Discussion: An outright judgmental decision on this book is difficult in the extreme. It has an unusual plot, projects a suspenseful aspect that makes a reader  continue to look forward to a plausible resolution but regrettably really requires an editor, or perhaps a mentor, to bring attention to the following. The story begins slowly with what appears to be stereotypical young girls who seem to continue at that level as grown women. The police work, even accepting the long-standing belief that small town departments suffer from inadequate staffing, is woefully poor; the lawyer again is ‘typically small town’; the inability of most characters to be truthful; the seeming inability of anyone to make sensible decisions; naivety of all to believe that an investment firm would select a CEO without really knowing his/her background; difficulty for anyone to believe the ruse he provides for the belief that the interview would remain ‘local’; and perhaps a very minor, but necessary, criticism that layered white pine is suitable for the lasting piece of sculpture that was to be placed in a position where it would be the recipient of constant change in weather conditions.

Summary: A seemingly somewhat contrived but impressive idea for a mystery thriller as a first by an author who shows promise.

3* 4* Mystery/thriller idea. Regrettably much less for presentation.

Into the Woods

Into the Woods, a 16th century mystery novel assumed published copyright and written by Josh Soule.

The book opens with Chapter Zero where a “beast, no longer interested at clawing its way through the door to devour the family dwelling inside, but rather the townsmen who had just fired his musket… it did not slink through the trees… The beast was no longer afraid, no longer timid; it no longer would hide from the people of this town. The monster would not stop until it had its fill of death…A deep rumble escaped the beast’s throat as it skulked its way down the dirt path toward the town square.” A prologue follows that apparently begins recounting events that preceded this occurrence by three months; i.e. March 3, 1590. The reader is introduced to John who has left Paris where he had been studying art, to return to Carn, a small town on a trade route that is home to farmers and tradesmen. He has no family, was raised by Michael, the town priest who also was responsible for Thomas and Henry who were in similar circumstances. They were inseparable as children and often played close to and occasionally ‘on a dare’ entered the huge forest that began at the town’s edge. Their ‘acts of bravery’ occasioned by the rumors of its being inhabited by a creature that supposedly could change from human to beast. As the friends are reunited upon John’s return, more information is provided about them. Henry is married with small children and seemingly possessed of some lung problem; Thomas is a very large man, a hunter as well as owner of a farm on the outskirts of the village and a real ‘loner’; John again lives in the church with Michael, is the intellectual of the threesome and often approached by town residents for help. As time progresses, reports of cattle being killed in a horribly destructive manner surface and the three friends decide they must investigate for the safety of the town. Thomas and Henry are constantly at odds on the method to be followed and John acts as arbiter. On one attempt they are attacked by a rabid bear and manage to kill it without being infected. However, John is brutally mauled with broken ribs and more, but does recover. The town celebrates the heroes and believes all is well and life activities continue normally until sometime later another attack occurs. The tale’s description of the time and activities leading to this and the subsequent events comprise the remainder of the story.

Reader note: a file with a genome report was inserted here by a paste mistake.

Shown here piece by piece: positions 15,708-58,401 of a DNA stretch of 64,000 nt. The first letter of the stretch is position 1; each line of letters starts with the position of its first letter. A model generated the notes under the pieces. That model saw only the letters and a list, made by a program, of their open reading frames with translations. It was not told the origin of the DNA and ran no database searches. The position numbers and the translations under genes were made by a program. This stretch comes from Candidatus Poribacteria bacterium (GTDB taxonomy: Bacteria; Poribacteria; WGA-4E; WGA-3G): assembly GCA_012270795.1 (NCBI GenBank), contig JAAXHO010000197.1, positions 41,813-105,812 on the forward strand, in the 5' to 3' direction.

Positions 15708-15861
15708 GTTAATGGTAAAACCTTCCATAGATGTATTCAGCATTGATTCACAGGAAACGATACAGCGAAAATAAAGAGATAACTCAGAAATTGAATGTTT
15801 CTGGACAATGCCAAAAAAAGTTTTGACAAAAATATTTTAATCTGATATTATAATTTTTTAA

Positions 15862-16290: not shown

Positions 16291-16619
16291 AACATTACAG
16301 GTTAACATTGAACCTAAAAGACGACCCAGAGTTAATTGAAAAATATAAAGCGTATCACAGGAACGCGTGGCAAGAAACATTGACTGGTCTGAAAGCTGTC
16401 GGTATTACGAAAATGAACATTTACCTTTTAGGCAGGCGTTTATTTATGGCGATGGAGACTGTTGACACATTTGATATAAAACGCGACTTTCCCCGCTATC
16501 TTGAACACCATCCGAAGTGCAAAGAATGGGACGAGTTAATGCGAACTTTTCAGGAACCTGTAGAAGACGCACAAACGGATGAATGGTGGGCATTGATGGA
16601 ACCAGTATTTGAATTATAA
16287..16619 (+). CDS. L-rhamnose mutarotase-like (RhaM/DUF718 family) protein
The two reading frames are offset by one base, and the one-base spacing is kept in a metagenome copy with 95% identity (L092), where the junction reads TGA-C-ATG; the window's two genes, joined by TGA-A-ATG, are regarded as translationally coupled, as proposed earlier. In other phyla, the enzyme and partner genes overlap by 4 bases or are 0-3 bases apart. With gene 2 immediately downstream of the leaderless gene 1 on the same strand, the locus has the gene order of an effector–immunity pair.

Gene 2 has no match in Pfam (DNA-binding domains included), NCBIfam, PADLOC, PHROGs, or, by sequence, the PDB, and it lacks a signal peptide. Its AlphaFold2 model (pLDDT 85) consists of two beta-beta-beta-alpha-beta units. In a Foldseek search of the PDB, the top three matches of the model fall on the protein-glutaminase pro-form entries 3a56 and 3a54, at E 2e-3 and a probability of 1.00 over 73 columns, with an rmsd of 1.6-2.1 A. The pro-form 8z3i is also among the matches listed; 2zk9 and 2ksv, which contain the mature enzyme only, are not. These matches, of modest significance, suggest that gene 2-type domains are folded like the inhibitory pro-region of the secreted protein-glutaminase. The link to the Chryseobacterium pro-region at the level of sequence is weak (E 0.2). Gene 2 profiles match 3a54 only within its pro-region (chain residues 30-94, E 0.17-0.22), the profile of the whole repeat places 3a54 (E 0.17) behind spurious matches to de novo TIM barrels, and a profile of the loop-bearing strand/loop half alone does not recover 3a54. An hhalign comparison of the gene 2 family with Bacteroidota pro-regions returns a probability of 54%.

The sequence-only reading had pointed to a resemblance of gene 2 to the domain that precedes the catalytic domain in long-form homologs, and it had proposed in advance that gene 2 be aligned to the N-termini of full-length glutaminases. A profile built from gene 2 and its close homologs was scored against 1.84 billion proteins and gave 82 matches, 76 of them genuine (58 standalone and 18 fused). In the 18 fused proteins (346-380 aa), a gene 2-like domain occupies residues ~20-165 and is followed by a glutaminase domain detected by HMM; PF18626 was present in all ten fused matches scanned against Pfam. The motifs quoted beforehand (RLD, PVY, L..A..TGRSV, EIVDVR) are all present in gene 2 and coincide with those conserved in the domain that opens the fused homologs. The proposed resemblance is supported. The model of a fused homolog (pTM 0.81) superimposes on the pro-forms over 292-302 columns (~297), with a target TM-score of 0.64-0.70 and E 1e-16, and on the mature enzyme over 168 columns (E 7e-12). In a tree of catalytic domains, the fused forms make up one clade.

Discussion: This book’s most unusual and especially intriguing dedication provides a compelling basis for post-reading thought. It is to “every pastor, priest, or any other religious leader – no matter where you live or what title you go by it is a very challenging task to care for the masses as your own family – the severity and complication of this cannot be fully compared to the symbolism in this book. The physical, spiritual, and emotional toll you have taken upon yourself cannot go unnoticed. Thank you.” The tale itself explores the existence of a mental attitude to protect another individual from some feature/condition/action. Frequently such activity may appear to be helpful, but conversely it may provide grossly detrimental results. In accord with the author’s expressed beliefs, the tale examines this attitude. With respect to the mechanics of presentation, the story itself projects the period and its physical and mental patterns moderately well. The characters, although not as well ‘fleshed-out’ as they could be, are adequate. *SPOILER ALERT*! Their movement within individual scenes occasionally leave gaps that require the reader to fill, or ignore, and for the pragmatist, some of John’s post bear activity is most difficult to accept as are occasional activities of others.